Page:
What is the RCIA?
By Frank C. Sokol
(Used with Permission)
THE RITE OF CHRISTIAN INITIATION OF ADULTS
The Rite of Christian Initiation of Adults (RCIA) is the process by which people become members of the Roman Catholic Church. The process is concerned with the total formation of the person into believing with the Church community (doctrinal formation), living with the Church community (practical formation), praying with the Church community (liturgical formation), and serving with the Church community (apostolic formation). This gradual development culminates in the celebration of the initiation sacraments of baptism, confirmation, and the Eucharist at Easter time.
The central and unifying principle of the Rite is conversion. By entering into the conversion journey through the RCIA, people join the paschal journey of Jesus Christ and are introduced to Church doctrine, life, liturgy, and apostolic work. The Rite thus broadens the practice of “convert instruction” to allow for an all-inclusive and ongoing formation in the faith. The gospel message of conversion is the reason for becoming a Catholic Christian and the reason for remaining one.
The Rite is designed primarily for those seeking baptism; that is, those not baptized previously. However, because of the nature of conversion as an ongoing reality, the RCIA can be adapted for those baptized in other Christian denominations, now seeking membership in the Roman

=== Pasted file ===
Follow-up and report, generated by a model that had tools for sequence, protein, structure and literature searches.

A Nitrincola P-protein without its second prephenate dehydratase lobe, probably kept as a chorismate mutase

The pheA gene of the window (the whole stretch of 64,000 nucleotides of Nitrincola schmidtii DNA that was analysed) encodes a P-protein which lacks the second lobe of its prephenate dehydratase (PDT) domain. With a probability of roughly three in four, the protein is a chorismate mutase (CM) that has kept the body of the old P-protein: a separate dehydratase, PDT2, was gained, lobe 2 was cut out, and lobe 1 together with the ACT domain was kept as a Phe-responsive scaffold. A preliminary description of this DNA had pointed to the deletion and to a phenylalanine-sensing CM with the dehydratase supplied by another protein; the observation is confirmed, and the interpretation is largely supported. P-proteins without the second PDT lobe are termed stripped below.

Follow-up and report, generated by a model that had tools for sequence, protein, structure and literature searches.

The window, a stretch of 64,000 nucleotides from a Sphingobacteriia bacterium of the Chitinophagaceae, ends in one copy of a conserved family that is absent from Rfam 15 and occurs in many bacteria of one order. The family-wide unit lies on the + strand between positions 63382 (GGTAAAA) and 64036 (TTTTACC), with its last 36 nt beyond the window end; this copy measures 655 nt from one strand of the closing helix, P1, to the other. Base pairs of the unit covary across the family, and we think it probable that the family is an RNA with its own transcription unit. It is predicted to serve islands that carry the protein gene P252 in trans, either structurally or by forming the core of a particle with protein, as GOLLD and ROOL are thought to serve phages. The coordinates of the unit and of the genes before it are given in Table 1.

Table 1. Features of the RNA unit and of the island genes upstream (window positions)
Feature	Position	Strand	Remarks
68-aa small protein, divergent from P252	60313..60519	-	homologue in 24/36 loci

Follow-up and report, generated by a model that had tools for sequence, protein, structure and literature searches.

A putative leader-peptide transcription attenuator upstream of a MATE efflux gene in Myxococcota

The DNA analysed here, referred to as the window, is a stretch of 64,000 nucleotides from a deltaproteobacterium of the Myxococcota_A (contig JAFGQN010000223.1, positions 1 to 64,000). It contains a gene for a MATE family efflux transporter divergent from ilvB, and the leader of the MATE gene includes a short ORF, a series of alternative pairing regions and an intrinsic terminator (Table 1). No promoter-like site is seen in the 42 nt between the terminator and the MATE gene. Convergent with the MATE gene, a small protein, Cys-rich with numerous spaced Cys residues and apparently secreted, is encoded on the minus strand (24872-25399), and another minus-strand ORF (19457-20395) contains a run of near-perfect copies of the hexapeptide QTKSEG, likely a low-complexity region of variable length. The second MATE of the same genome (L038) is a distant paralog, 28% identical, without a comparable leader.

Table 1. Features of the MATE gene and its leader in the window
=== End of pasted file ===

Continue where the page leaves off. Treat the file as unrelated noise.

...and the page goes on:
Catholic Church. As such, the RCIA is a flexible process which respects the faith development of each individual while maintaining the ideals and visions of the Catholic community.
The Rite of Christian Initiation can be likened to the “making” of a new family member. As the new member grows into the particular ways of a family's living, the various members share their values, beliefs, and visions. In this interaction the family creates itself anew; it creates its own identity. This “making” necessarily involves not only the formation of a new member, but the formation of the family itself.
By way of another example: in the making of an American, one applies for citizenship in a country defined by certain geography and given principles. In “becoming” a new citizen, one appropriates the “meaning” of America, and in the process, America realizes itself by the passing on and living out of its system of meanings. When Americans are “made,” therefore, so is America. In a parallel vein, when Christians are made, the Church is born again, by the passing on and living out of its system of meanings.
In a strict sense, the RCIA is the process to be followed for becoming a Catholic Christian as an adult. But in fuller sense, this process for becoming is also the model for remaining a Catholic Christian.